A swarmed mated queen cannot start laying right away. Don't know how long it takes for her to resume but I'm thinking three to four days. She had to stop laying and slim down to be able to fly and that took around three days. As far as the boxes, I would agree that two is probably too much room unless the the swarm was huge. BUT, the bees chose that box. I would not go changing things until they have brooded up. As easily as that swarm took up residence, that is how easily they can change their minds and leave. At this point they have very little invested in that location. Once they start up a brood nest and storing nectar, it is a different story.
Yea two to four days I would like to see eggs. I've never caught a swarm in my yard in a ready made hive. Usually it's in a trap or out of a bush in which case I shake it or transfer the frames into a hive asap. Haven't had one move out yet
 

·
Registered
Joined
·
42 Posts
A swarmed mated queen cannot start laying right away. Don't know how long it takes for her to resume but I'm thinking three to four days. She had to stop laying and slim down to be able to fly and that took around three days. As far as the boxes, I would agree that two is probably too much room unless the the swarm was huge. BUT, the bees chose that box. I would not go changing things until they have brooded up. As easily as that swarm took up residence, that is how easily they can change their minds and leave. At this point they have very little invested in that location. Once they start up a brood nest and storing nectar, it is a different story.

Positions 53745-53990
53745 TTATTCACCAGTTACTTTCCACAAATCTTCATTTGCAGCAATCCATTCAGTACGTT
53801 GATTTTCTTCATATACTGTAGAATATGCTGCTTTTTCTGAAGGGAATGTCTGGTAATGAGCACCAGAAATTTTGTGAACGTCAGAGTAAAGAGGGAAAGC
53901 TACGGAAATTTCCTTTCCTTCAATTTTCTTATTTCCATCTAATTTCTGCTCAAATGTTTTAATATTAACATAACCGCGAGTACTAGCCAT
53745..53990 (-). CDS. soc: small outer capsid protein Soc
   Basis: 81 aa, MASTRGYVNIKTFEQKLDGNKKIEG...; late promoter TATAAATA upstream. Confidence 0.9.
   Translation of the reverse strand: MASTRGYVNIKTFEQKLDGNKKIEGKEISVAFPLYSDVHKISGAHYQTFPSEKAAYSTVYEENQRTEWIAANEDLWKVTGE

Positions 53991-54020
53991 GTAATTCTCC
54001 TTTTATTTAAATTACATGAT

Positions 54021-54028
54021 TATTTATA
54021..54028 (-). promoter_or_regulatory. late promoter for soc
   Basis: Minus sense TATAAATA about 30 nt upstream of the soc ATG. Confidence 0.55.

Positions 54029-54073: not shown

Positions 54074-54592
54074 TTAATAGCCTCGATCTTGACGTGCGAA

Yea two to four days I would like to see eggs. I've never caught a swarm in my yard in a ready made hive. Usually it's in a trap or out of a bush in which case I shake it or transfer the frames into a hive asap. Haven't had one move out yet
 

·
Registered
Joined
·
1,256 Posts
It's gonna kill me to wait but I will. Thankfully I can watch from the entrance. Tonight a few were out orienting the front of the hive. My grown son was over when I heard the buzzing, amazing how loud it was! So he got to enjoy the amazing event as well. As I was jumping up and down at the sheer joy of seeing this, he's recording vids and pics. I told him, you might never see this again. It took me 9 yrs. Super cool. It's one of the little surprises that keeps me in this beekeeping game. Hope they stay!
I am envious. I had one move into a box on my front porch a few weeks ago. I came home from work at 9 AM and the scouts were going nuts. I went to bed and slept all day. When I got up to go back to work they were almost all in the hive already. My wife saw the swarm but I missed it! Today is day 21. I am planning to wait at least another week before opening it. I want them undisturbed as much as possible. Seem Okay, very busy and lots of foragers working and pollen coming in. I lost my hives last year so this is now my only hive. Like you, waiting to look inside is driving me nuts!
 

·
Registered
Joined
·
346 Posts
Thomas Seeley from Cornell has done several studies that prove swarms prefer places that already have combs it gives them a leg up.
 

·
Registered
Joined
·
161 Posts
Discussion Starter · #15 ·
Just thought I'd let you know that the swarm stayed that moved in on 6/18. Today I popped the top and took a peek. They have filled both boxes and it's packed with bees. In the top of the two boxes I pulled an end frame full of honey, the next frame in was capped brood. Third frame came out with a large chunk of capped brood comb hanging off of it into the bottom box. Apparently there are not 10 frames. I carefully put it back in place and closed them up. Now I'm wondering if there's even 9 frames in the bottom box. Time will tell. It's just too hot right now to wear a bee suit for very long. But anyway.. Got a third box on top and their going gangbusters! Woohoo! Thanks for the assistance!
 

·
Moderator - In Memorium
Aylett, VA 10-frame double deep Langstroth
Joined
·
6,888 Posts
Really happy for you. When the time comes, grab some empty frames and some big rubber bands and get that comb situation squared away. Your in it for the long haul now!
 
1 - 17 of 17 Posts
Top